Over 300 students move onto a fully remote campus during Labor Day weekend

Unlike Morgan’s standard move-in day, students were greeted by a masked President David Wilson and a sliver of the traditional Office of Residence Life and Housing staff

Jordan D. Brown, Staff Writer

Days before the first day of a virtual semester at Morgan State, staff moved 320 residents into university housing. But once students arrived on campus, not only were most of the dormitories closed, but The Office of Residence Life and Housing staff that traditionally assist with move-in day were drastically cut.

The decision came after Morgan’s choice to not utilize several on-campus housing because of their communal bathroom feature to include Blount Towers, Rawlings Hall and O’Connell Hall. In addition to Marble Hall Gardens Apartments and HH Midtown, which are both located off-campus, Cummings Hall and Baldwin Hall opened with half of its traditional occupancy.

“We have three buildings that are closed and we just could not afford to bring all those staff members back,” said Kevin Banks, Vice President of Student Affairs.

Seven former resident assistants declined to comment.

Students moved into their housing assignments during Labor Day weekend and according to Banks, the decision was all by design.

“We were specific about using Labor Day weekend because we wanted students here and not out at the beaches, barbecues and having the chance of contracting COVID-19,” he said.

In an attempt to prevent the spread of the virus, students were required to verify a negative COVID-19 test result to the Harriet A. Woolford University Health Center to move into their housing assignments over Labor Day weekend. Each student received a private room and will share a bathroom with one other person.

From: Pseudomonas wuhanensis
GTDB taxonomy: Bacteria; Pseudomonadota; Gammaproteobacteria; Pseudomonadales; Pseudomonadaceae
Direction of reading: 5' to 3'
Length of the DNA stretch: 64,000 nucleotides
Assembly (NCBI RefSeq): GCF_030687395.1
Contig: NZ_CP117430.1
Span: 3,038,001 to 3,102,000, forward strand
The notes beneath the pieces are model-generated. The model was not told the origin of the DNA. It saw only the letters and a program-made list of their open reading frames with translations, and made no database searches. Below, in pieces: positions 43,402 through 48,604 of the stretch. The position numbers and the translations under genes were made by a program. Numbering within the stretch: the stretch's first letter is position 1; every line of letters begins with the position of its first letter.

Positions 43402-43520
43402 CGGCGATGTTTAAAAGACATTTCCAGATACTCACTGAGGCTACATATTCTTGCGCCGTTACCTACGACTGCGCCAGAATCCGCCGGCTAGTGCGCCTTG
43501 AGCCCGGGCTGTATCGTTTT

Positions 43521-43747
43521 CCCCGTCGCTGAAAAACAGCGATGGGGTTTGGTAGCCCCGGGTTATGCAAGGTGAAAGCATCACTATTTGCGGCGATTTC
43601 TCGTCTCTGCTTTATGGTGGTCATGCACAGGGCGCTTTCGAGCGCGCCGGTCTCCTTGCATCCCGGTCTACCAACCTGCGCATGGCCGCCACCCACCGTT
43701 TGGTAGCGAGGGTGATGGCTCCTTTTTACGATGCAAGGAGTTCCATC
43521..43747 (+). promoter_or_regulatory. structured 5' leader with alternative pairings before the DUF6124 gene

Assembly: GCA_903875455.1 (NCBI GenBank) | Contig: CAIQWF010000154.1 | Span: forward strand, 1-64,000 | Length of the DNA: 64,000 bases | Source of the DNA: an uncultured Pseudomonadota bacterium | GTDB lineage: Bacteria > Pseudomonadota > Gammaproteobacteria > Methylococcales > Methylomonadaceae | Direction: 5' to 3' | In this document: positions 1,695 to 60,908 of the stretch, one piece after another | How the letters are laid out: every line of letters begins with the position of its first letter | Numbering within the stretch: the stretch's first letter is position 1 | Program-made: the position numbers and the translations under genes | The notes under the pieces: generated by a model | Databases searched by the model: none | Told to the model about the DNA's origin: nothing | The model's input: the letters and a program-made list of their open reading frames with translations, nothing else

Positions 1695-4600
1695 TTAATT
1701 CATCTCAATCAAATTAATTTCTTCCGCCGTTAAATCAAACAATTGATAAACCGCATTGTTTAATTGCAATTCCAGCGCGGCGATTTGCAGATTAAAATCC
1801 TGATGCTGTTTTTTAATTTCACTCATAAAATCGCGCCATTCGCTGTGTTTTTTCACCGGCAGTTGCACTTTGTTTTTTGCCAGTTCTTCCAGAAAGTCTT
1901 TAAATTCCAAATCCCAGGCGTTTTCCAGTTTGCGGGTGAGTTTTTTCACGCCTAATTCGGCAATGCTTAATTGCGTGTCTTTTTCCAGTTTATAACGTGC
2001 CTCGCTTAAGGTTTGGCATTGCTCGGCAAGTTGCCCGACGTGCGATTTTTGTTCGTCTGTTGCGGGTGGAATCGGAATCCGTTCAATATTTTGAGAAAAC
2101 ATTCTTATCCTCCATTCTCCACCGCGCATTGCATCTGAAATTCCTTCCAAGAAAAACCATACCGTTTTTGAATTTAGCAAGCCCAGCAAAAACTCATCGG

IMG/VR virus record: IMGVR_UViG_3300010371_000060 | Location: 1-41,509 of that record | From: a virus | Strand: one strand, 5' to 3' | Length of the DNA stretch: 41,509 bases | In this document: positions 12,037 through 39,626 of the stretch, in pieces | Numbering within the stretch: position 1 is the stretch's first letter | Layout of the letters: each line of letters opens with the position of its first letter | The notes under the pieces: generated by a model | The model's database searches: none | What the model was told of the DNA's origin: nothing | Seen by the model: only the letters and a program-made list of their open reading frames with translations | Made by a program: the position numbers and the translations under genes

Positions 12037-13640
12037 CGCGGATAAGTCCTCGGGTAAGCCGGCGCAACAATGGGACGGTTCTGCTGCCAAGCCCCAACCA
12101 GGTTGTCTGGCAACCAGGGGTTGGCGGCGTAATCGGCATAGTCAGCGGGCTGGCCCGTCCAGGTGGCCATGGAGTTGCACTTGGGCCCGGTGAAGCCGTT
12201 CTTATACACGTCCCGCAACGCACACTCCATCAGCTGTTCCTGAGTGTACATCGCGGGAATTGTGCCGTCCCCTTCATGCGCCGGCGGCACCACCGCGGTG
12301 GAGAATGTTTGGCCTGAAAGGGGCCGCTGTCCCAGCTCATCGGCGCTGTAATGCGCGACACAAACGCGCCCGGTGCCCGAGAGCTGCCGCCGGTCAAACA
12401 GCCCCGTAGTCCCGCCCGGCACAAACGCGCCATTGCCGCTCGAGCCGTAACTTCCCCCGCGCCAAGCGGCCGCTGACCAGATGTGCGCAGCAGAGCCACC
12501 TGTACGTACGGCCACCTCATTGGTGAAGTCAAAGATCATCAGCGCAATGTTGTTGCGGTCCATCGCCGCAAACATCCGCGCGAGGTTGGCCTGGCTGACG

Students were given a 90-minute block to move into their dorms with the assistance of 2 family members. Between each check-in window, there was a sanitization period where faculty cleaned elevators, door handles, and other physical objects that might have been touched by the previous party.

Students who reside on campus are required to wear facial coverings, practice social distancing throughout campus and participate in bi-weekly COVID-19 testing in the University Student Center to uphold their housing contracts. Visitation has also been suspended to lessen the chance of a viral spread.

Symone Jones, a junior fashion merchandising major, said while Morgan has implemented safety guidelines to prevent a potential scare on campus, it’s left her and other students isolated and lonely.

“It’s a lot of pressure to maintain the regulations because we’ve been told that our behavior and actions sort of dictating the future of on-campus living at Morgan,” she said.

According to Banks, the university is sure that the first batch of COVID-19 tests will include positive results and when that happens, the university has prepared Thurgood Marshall, which is adjacent from Rawlings Dining Hall, as the designated isolation facility.

Inside Thurgood, staff members will be prepared with thermometers, sanitizers, cleaning supplies and food. Infected students will also receive check-ups from Harriet A. Woolford University Health Center officals and are prohibited from leaving the building during their isolation period.

Banks said the fall semester will be a test run and by November, the university should be able to decide on its plan for the spring.

“It’s a semester unlike one I’ve ever experienced in my whole career, Banks said. “We’re learning—we have a research team that’s working with us to monitor and take notes.